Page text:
I continued on past the dam, through Cochiti Pueblo, and on to Kashe-Katuwe Tent Rocks. It’s all either areas I shouldn’t be photographing, or areas I’ve photographed before. I continued on past the tent rocks to the Veteran’s Memorial Overlook. The overlook, too, is something I’ve photographed before. I was after more specific (if less dramatic) game today: the Cochiti Formation.
The Cochiti Formation is the most extensive rift fill sediment bed of the southeastern Jemez. It is exposed from La Bajada west almost as far as Bear Springs Canyon. It extends north into the Jemez Mountains, where it grades into the Paliza Canyon volcaniclastics — the distinction being that the Paliza Canyon volcaniclastics are contemporary with the Paliza Canyon Formation and are rich in volcanic ash, while the Cochiti Formation formed later from sediments eroded off the Jemez and is ash-poor. The distinction is subtle enough that there is some disagreement among geologists where to put the line.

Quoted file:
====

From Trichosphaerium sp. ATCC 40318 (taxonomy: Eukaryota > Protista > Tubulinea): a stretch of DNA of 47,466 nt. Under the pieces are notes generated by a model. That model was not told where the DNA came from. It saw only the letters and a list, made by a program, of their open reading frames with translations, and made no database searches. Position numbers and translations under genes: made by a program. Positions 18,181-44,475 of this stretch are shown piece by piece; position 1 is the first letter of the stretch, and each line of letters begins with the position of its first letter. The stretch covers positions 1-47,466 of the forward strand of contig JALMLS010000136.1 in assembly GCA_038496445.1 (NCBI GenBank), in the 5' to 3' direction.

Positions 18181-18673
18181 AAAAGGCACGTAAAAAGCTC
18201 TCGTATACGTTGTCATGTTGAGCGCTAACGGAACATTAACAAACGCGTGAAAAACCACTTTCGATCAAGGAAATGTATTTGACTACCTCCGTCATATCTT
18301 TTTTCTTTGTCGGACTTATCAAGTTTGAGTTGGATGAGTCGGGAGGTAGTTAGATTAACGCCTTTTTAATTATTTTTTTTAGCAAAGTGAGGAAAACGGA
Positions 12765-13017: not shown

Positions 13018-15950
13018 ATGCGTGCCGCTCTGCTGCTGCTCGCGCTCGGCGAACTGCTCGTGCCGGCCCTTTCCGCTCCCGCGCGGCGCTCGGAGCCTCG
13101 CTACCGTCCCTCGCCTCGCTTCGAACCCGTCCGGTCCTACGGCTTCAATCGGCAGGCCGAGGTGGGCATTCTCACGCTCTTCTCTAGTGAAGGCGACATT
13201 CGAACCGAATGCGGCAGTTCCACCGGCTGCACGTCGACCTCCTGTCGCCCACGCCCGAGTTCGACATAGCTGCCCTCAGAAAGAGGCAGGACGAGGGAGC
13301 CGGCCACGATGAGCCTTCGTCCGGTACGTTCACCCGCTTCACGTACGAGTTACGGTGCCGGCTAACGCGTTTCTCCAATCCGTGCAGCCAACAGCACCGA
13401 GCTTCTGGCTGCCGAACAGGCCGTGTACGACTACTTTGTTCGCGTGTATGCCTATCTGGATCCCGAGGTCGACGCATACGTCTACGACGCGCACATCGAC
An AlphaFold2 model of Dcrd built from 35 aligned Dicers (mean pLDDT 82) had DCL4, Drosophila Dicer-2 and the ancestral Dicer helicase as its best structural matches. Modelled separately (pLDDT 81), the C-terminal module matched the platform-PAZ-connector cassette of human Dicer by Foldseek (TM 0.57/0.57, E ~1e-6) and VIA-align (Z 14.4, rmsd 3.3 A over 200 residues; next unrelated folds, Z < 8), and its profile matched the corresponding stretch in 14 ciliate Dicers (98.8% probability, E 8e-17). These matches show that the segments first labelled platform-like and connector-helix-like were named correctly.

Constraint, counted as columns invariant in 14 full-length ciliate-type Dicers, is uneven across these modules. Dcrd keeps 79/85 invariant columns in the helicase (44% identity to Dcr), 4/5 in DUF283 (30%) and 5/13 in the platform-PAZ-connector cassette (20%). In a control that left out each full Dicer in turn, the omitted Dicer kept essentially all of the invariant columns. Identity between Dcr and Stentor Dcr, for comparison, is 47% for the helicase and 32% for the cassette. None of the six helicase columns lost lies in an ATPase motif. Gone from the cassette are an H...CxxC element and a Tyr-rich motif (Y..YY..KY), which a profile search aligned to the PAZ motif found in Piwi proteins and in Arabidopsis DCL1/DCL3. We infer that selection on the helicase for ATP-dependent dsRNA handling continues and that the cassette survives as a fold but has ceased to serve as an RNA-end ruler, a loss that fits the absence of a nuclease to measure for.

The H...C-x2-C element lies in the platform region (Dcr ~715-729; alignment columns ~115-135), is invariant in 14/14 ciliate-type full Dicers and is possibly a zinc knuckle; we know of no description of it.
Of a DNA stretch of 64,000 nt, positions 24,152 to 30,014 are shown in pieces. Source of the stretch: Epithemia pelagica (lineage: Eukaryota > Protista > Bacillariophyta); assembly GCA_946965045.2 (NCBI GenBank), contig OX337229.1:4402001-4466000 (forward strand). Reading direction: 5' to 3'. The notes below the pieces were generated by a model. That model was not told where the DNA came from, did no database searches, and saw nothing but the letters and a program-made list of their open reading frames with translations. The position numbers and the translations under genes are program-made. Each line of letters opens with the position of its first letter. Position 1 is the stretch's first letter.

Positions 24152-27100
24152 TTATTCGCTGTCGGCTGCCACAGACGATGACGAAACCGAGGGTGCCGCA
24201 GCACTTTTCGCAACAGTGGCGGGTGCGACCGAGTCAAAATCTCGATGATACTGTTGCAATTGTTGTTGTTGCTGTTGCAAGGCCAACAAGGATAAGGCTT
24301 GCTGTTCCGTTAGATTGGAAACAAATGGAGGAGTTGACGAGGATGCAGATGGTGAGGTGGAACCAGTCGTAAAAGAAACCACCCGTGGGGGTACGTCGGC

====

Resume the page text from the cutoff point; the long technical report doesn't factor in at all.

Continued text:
I had actually been driving past outcrops of the Cochiti Formation almost from the time I passed the toll booth for Kashe-Katuwe. However, I wanted to examine it in the area of the Veteran’s Memorial, where it is topped by the Gravel of Lookout Park. Formation names are normally named after geographical locations, but I have never found a Lookout Park on any modern map. I suspect, but cannot confirm, that this is the former name of the Veterans’ Memorial Overlook.
The Veterans’ Memorial Overlook is located atop a mesa that gives a magnificent view of the southern Jemez and, in particular, of exposures of thick beds of the Peralta Tuff that forms the tent rocks of Kashe-Katuwe Tent Rocks National Monument. This mesa is underlain by eolian deposits atop Gravel of Lookout Park atop Cochiti Formation.